10. Keep the end in mind

It’s useful to have clear goals in mind at all times. What do you want to do with your life? Do you have financial goals that you’re trying to accomplish, in the long-term and medium-term? Keep your savings goals in mind, and know when you’re about to make a purchase how the purchase will affect your goals.

Leo Babauta blogs about simplicity, frugality, productivity and happiness at Zen Habits.

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  1. Oswegan says:

    It’s funny, most of the time when I go to a shopping center or a store, I won’t want to buy anything at all.

    My impulses buys seem to come when I get convinced that I need something, and my obsessive traits take over and I can’t focus on anything else until I have the thing.

    That’s when I need to chain myself to something until the obsession blows over.

    ~Oswegan
    http://oswegan.blogspot.com

  2. Brian says:

    Great list, I especially like #8! :)

  3. The trick in our house is for everyone to know everyone else’s weak points. Stick me in a mall full of shoe stores and I won’t bat an eye. Same deal with my husband at the music store. But the book store? The movie store? That’s when all resolve dissolves. Now we don’t even go into that area of the mall, and our discretionary spending has probably dropped by half.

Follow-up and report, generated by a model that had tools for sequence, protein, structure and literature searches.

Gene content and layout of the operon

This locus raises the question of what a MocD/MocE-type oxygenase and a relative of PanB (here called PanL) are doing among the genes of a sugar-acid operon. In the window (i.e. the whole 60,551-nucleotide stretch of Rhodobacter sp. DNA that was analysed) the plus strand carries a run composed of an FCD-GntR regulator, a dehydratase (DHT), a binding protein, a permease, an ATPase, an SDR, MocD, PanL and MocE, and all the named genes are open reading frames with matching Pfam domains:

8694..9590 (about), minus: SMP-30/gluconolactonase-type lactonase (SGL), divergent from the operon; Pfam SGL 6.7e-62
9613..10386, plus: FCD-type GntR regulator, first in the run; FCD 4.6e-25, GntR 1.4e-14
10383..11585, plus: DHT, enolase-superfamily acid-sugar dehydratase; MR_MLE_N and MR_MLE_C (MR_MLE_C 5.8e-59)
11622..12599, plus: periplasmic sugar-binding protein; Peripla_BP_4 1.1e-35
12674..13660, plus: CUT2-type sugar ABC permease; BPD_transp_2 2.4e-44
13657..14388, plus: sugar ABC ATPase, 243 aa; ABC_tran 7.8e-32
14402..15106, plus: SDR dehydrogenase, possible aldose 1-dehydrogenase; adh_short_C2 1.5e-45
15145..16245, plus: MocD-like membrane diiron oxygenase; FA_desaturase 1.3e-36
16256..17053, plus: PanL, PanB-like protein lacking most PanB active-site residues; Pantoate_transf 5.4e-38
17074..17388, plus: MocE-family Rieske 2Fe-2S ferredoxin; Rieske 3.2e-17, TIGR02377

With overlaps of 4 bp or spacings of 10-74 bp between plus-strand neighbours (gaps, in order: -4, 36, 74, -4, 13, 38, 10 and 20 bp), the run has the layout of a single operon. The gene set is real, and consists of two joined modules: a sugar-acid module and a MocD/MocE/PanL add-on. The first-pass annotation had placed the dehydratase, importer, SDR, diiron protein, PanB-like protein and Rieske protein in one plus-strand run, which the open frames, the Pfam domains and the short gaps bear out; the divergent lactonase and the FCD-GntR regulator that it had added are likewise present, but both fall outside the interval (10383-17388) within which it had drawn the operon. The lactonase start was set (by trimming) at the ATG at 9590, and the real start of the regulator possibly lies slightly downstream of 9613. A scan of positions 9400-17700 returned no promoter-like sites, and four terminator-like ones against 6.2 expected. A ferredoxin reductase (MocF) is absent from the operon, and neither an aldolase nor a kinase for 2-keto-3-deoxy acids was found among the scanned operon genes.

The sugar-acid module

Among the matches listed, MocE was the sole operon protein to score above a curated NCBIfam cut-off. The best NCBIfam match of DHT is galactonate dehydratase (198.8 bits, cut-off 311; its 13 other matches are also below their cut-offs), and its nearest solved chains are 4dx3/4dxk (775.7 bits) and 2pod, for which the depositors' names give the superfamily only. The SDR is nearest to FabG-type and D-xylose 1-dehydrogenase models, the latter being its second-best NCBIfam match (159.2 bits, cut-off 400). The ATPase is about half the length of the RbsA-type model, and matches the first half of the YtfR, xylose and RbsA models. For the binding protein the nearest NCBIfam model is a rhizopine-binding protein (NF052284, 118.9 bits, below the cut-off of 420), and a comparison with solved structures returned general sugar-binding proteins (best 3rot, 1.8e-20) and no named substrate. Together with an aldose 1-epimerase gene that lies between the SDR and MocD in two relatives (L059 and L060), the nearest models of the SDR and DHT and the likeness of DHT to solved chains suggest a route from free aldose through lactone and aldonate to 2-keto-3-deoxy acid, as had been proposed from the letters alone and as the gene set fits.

Thanks, Leo. Fantastic, as usual.

  4. jtimberman says:

    The two biggest keys to stopping impulse purchases are very simple:

    1. BUDGET. Do a zero-based budget where you spend every dollar of income on paper before the month begins. This is the absolutely most important key to a healthy financial plan, because guess what? Then you HAVE a financial plan! And you plan your impulses!

    2. CASH. Use cash wherever possible for purchases. When the cash runs out, no more purchases. You already know what you were going to have money for because you did the budget first. If you want to blow some money on impulses, that’s great. Plan to blow some money. Do it on purpose, in advance, and curb the “spend more than you make” habits.

  5. Laura says:

    My husband helps me curb my impulsive buy. I love to read, but sometimes I go overboard.

  6. John says:

    If there is no impulsive buying. Then who is going to buy at my store.

  7. !wanda says:

    @John: You sell nothing that someone would want to buy after waiting thirty days?

  8. Nadine says: